The other side of this debate is that the three-song delay allows commissioned photographers to relax and enjoy the rest of the show at their leisure, without the pressure of having to shoot an entire show or setlist. While I can certainly see the benefit of this, I think ideally a photographer should be allowed to choose whether to stay or go (pardon the Clash pun) and given the ability to return to the pit at any time throughout the show to keep trying for the winning shot.
I think there needs to be a review of the first three, no flash policy at live events, not necessarily revoking the rule, but adjusting it to benefit both parties in a more reliable era of photography Press. There are certainly things to consider such as the photo pit space itself, as during shows in heavier musical genres, security is often needed to lift surfers over the pit barrier, a clearer space with no photographers in the pit all the time would surely benefit from keeping the crowd safe.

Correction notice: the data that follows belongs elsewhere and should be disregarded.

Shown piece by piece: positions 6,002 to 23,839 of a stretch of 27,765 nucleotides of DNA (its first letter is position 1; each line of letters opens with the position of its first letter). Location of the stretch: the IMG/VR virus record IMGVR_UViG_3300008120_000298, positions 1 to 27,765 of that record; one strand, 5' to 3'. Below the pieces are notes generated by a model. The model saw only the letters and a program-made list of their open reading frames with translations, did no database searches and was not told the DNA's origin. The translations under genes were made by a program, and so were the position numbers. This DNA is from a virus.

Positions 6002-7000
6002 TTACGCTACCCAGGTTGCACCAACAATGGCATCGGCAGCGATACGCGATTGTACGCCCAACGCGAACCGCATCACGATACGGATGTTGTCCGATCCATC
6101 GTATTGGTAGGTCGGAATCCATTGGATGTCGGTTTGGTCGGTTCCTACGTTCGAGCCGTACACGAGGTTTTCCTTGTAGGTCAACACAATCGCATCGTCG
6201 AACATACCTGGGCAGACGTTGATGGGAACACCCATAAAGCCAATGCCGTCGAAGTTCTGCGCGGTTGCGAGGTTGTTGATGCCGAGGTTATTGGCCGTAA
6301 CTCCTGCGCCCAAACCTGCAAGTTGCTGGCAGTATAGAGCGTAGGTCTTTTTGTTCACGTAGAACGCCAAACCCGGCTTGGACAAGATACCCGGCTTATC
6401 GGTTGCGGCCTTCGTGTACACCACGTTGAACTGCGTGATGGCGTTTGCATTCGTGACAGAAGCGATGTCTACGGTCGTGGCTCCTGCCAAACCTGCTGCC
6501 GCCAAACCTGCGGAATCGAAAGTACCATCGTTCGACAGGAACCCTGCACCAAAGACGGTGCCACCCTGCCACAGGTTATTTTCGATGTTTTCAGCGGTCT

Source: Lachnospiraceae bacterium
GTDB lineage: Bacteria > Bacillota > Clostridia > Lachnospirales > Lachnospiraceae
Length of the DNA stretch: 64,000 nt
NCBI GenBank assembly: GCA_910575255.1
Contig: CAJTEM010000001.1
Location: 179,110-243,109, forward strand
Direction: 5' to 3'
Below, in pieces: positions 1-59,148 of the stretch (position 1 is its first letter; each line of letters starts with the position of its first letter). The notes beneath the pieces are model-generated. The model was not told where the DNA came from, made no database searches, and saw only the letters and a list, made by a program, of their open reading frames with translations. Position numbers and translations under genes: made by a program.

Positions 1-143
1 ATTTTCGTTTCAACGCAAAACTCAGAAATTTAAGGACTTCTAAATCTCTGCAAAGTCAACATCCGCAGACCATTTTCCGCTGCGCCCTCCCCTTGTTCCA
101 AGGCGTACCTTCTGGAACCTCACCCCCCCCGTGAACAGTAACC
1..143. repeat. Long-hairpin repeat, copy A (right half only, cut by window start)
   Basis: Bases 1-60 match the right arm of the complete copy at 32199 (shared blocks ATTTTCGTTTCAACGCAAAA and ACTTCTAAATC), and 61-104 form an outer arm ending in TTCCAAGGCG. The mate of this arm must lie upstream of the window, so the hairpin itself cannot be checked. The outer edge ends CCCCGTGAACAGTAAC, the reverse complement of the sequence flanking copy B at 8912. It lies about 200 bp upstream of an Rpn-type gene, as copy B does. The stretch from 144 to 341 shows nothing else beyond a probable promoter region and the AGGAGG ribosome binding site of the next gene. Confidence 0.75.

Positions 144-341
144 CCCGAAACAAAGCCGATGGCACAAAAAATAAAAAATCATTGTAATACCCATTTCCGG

I’m no expert, but having a photographer choose their three songs throughout the set might be a better compromise, being able to shoot both the start and end of a show, with just one or two photographers per song, or maybe have a song (or multiples) assigned to each photographer that they can shoot during.
More rule clarity and attention is definitely a must, making groups aware that they have the power to allow photographers to stay for the full set, as well as making photographers (and shooters) aware crowd on smartphone) of the common courtesy of not using flash. or be a hindrance to others.
What do you think of this policy? Have you heard of it? Let us know by commenting on our social feeds below the article.